When walking with Jesus, every day turned into a learning experience for his disciples. They were learning who Jesus was, his person, his mission and his way. Jesus taught them through parables, miracles, object lessons and sermons. He also taught them through his daily interaction with people, ordinary people, forgotten people and people of power and influence. As a good teacher, Jesus wanted his disciples to have a clear understanding of his person and teachings and to embody those truths in their own lives. All the efforts of Jesus in teaching his disciples would have been in vain if they did not make the truth their own. As disciples of Jesus today, we too are learning to walk with Jesus every day, to know who he is and what is his way. Every day, Jesus has one inescapable question for us.
As Jesus was getting closer to the time of his death, he saw the need to confront his disciples to make sure they knew and understood the truth about him and his mission. Matthew, Mark and Luke tell us that one day, in the region of Caesarea Philippi, Jesus confronted his disciples with the inescapable question. First, Jesus asked the disciples about what other people were saying about him. “They replied, ‘Some say John the Baptist; others say Elijah; and still others, Jeremiah or one of the prophets’” (Matthew 16: 14). All of these were heroes of the faith whom the people associated with the coming of the Messiah. Any other religious leader would have been delighted with what the people were saying, to be compared to any of these prophets, but not Jesus. He pressed on with a more personal question, “’But what about you?’ he asked. ‘Who do you say I am?’” (verse 15).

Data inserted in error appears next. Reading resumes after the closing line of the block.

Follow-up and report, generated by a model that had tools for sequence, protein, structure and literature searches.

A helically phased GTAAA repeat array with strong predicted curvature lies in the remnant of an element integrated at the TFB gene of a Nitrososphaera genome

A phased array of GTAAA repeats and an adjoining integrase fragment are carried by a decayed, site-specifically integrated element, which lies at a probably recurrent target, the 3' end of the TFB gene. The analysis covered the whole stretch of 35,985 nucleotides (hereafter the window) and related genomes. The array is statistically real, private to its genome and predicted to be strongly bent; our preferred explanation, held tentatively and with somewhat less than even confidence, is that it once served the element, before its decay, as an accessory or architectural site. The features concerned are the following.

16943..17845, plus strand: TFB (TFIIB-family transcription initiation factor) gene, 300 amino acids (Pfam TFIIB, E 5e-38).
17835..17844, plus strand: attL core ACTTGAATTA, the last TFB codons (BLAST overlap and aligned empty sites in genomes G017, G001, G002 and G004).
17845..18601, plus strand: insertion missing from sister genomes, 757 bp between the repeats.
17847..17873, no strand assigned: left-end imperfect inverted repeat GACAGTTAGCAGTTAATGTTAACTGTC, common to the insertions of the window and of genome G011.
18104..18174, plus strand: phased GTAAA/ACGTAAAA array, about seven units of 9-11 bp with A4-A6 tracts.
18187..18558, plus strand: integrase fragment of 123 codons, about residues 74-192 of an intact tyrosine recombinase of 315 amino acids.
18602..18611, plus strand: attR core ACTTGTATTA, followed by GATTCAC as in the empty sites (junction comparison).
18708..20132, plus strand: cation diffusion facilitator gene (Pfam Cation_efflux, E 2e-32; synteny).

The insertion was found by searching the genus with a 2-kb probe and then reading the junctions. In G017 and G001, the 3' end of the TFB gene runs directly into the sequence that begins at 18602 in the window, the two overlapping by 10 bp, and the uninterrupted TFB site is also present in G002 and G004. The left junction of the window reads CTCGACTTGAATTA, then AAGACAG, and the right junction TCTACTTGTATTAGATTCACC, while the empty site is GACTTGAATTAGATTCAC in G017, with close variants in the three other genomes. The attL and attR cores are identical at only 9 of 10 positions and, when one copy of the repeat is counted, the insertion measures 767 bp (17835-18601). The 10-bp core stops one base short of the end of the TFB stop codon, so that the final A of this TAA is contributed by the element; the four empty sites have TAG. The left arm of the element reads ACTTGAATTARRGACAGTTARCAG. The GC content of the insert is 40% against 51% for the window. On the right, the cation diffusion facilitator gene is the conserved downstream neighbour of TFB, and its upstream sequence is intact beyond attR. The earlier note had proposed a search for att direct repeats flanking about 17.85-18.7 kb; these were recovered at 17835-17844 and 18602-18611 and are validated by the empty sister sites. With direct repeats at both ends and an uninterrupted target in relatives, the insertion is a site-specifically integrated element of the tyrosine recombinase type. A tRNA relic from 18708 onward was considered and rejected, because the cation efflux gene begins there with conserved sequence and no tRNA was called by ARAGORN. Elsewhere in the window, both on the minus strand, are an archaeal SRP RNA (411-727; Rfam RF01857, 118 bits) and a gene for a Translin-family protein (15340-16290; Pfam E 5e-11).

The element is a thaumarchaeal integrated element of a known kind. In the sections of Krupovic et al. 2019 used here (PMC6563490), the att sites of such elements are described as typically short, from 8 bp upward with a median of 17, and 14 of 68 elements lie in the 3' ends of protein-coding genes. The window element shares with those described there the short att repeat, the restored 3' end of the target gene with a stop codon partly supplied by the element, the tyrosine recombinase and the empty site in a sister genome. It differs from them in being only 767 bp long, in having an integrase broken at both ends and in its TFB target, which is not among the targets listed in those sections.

It was Simon Peter who answered, “’You are the Messiah, the Son of the living God’” (verse 16). In the politically charged time of Jesus, Peter’s answer was a bold statement that people could take as a declaration of war against the Roman Empire— especially in Caesarea Philippi, named in honor of Caesar, a city where Roman power was displayed with might. It was the place where Herod the Great had built a temple for the worship of Caesar. Peter was not yet the valiant disciple that he came to be, but his declaration of faith was powerful and courageous. As Jesus told Peter, it had been revealed to him by God. Peter’s confession of faith was a foundation sufficiently strong upon which the church would stand against all the powers of hell.
Peter, however, was a work in progress. He had made the boldest statement of faith regarding Jesus, but it is evident that he did not understand all the implications coming from it. A few moments later, Jesus would predict his death as an impending event, an event that Peter did not understand and tried to stop. For which Jesus rebuked Peter, saying to him, “Get behind me, Satan! You are a stumbling block to me; you do not have in mind the concerns of God, but merely human concerns” (Matthew 16: 23).
Jesus followed his rebuke with a teaching that is central to the life of a disciple: “Then Jesus said to his disciples, ‘Whoever wants to be my disciple must deny themselves and take up their cross and follow me. For whoever wants to save their life will lose it, but whoever loses their life for me will find it'” (verses 24-25). At this point, Peter was not willing that Jesus would die. Only later was he to learn that Jesus’ way is the way of the cross.
As we walk with Jesus today, he will not let us off the hook as his disciples. He has for us the same demand that he made of his disciples. He confronts us every day with the same question he posed to his disciples, “But what about you, who am I to you?” He expects and demands an answer as he did with the disciples. Like Peter, we need God’s Word to teach us who is Jesus and what is his mission and what is our calling as his disciples. Like Peter, we are a work in progress; we are learning to be Jesus’ disciples. Like Peter and the other disciples, we must choose Jesus as Lord above every other power, learning to die daily in order to live resurrected lives. Today, as we walk with Jesus, he will stop us along the way and ask us one more time, “Who am I to you today?”
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The views and opinions expressed in this article are those of the author’s and do not necessarily reflect the official policy or position of Grand Canyon University. Any sources cited were accurate as of the publish date.